I'm talking with a bunch of our users about books and what we're reading. And it really feels like it's just got such a great community feel. And I worry that that can get lost with certain types of investment that I've previously thought that I wanted in my life. And so, yeah, that's the reason why I've kind of strayed away from the investment world.
And then it's gotten to the point, like, now we're at the point where we don't need funding because we've been able to get to profitability by ourselves. So we don't need any type of funding. And we're just going to try and keep doing things to keep making the product better, to convert more people to the Plus Plan.
And, hopefully, our giveaways platform grows in the way we want such that our goal is to just stay profitable and independent forever for as long as possible. And we think that way, we're going to have the most fun running the company, and the product is going to be the best it can be because there's not going to be competing incentives or goals for the product.
VICTORIA: That makes sense. And it sounds like, in reality, in the real case, you had a team, and you had the skills yourself to be able to move the product forward without having to take on funding or take on additional support, which is awesome. And I actually really like your background. I also have a degree in economics. So I'm curious if the economics and philosophy, all of that, really lends itself to your skills as a founder. Is that accurate?
NADIA: I don't think so.
NADIA: I love my degree. I get sad when I meet econ grads or econ majors, and they're like, "Oh, I hated it. Oh, it was so boring," or whatever. I'm like, "No, it was so great." I'm a big microeconomics fan, so I was all about...I didn't like macro that much. I was all about the game theory and the microeconomic theory, that kind of stuff.
I don't think there's anything that really ties into my skills as a founder. I feel like that's more to do with my upbringing and personality than what I studied. But, I mean, one of the reasons I did love my degree is because there are elements that do crop up. It's such a widely applicable...the subjects I did are so widely applicable, philosophy, different ways of seeing the world and thinking and approaching different people.
And then, obviously, economics that's essentially behavior, and how markets work, and incentives, and all that kind of stuff. And when you get to pricing and all those sorts of things, and business, and then politics as well, I mean, everything is politics, right? People interacting. So there are definitely things and conversations I had at university, which I see things crop up day to day that I can tie back to it. But yeah, I think it doesn't really...my specific degree, I don't think it's made me a better founder than I would have been if I'd studied, I don't know, English or Math or something.
VICTORIA: Right, yeah. I think economics is one of those where it's kind of so broadly applicable. You're kind of using it, but you don't even realize it sometimes. [laughs]
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VICTORIA: So what made you decide to go to a bootcamp right after finishing school?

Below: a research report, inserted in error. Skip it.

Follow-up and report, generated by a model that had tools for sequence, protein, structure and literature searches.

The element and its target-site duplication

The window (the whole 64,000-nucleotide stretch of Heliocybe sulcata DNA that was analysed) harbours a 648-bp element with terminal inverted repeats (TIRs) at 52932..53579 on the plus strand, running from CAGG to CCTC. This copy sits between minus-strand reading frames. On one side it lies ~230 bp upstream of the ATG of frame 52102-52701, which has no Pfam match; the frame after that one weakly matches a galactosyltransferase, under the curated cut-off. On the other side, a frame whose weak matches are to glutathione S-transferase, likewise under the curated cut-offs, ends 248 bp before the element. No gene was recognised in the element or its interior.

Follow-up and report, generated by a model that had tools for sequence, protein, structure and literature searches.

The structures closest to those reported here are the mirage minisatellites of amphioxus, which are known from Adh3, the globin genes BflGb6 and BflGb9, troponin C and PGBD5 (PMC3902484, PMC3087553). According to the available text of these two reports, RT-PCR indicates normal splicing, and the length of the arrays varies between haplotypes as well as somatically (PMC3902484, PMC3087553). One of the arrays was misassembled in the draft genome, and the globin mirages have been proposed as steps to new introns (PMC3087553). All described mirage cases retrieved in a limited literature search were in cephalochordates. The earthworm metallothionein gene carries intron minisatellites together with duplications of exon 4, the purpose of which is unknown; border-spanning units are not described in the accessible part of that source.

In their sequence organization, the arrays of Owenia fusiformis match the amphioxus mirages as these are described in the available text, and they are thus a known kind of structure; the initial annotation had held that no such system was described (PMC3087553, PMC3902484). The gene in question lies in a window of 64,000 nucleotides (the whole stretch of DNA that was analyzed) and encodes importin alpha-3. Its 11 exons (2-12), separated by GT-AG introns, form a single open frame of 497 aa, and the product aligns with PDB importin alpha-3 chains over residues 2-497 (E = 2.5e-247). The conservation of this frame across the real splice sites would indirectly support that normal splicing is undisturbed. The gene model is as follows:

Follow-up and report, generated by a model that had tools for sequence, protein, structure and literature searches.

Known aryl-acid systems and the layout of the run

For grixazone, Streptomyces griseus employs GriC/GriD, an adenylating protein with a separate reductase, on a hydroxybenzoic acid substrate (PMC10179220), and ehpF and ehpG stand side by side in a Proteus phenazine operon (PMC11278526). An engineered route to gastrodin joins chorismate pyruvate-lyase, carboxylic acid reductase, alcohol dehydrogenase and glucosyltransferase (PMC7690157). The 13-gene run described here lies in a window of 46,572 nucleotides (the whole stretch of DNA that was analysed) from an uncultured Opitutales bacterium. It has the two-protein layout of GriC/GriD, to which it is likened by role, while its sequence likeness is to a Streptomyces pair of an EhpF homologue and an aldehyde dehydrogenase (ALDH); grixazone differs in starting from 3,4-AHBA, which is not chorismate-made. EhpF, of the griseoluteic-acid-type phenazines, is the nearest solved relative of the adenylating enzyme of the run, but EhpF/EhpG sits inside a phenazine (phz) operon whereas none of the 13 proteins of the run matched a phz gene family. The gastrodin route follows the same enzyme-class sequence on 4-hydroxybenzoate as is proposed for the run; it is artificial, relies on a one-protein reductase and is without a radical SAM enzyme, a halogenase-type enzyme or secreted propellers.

NADIA: So I'd always been entrepreneurial. I remember...I don't know where exactly it started from, whether I got it from my mom. I know she's always been very entrepreneurial and into business. The earliest memory I have of doing something that was very specifically business-oriented was in what we call sixth form in the UK, which is essentially the last two years of high school before you go to university or college; we had this scheme called Young Enterprise.
And essentially, you got into teams of people, small teams, or they could be quite big, actually. It could be up to 20 people. And you started a business, and there were trade shows, and pitch meetings, and all that kind of stuff, so I remember getting involved in all that sort of stuff at school.
But I'd always been on the investment banking track because when I was young...so my parents...we come from a poor background. And so my parents were very much like, you know, try and find high-paying careers to go into so that you can pay for whatever you want and you have a much better lifestyle. So I had gotten onto the investment banking track from the age of 14 when I went with a friend...at the school, I went to, there was a Take Your Daughter to Work Day.
My dad said, "Oh, you want to go to try and find someone whose parent works in an investment bank or something like that. That's like a great career to go into." And so I went with a friend's dad to UBS. And I remember being blown away, like, wow, this is so fascinating. Because I think everything seems so impressive when you're 14, and you're walking into a space like that, and everything seems very lively. And everyone's walking around dressed sharp. They've got their BlackBerries.
So from the age of 14 until 20, it would have been, I was very much I am going to work in an investment bank. And I did all the things that you would do, like all the schemes, the spring programs. And it got to my final internship. And I just remember at the internship being rather disillusioned and disappointed by the experience. I remember thinking, is this it? I was studying at Oxford, and I put so much into my studies. And I remember thinking; I'm working so hard. And this is what I come to? Is this it?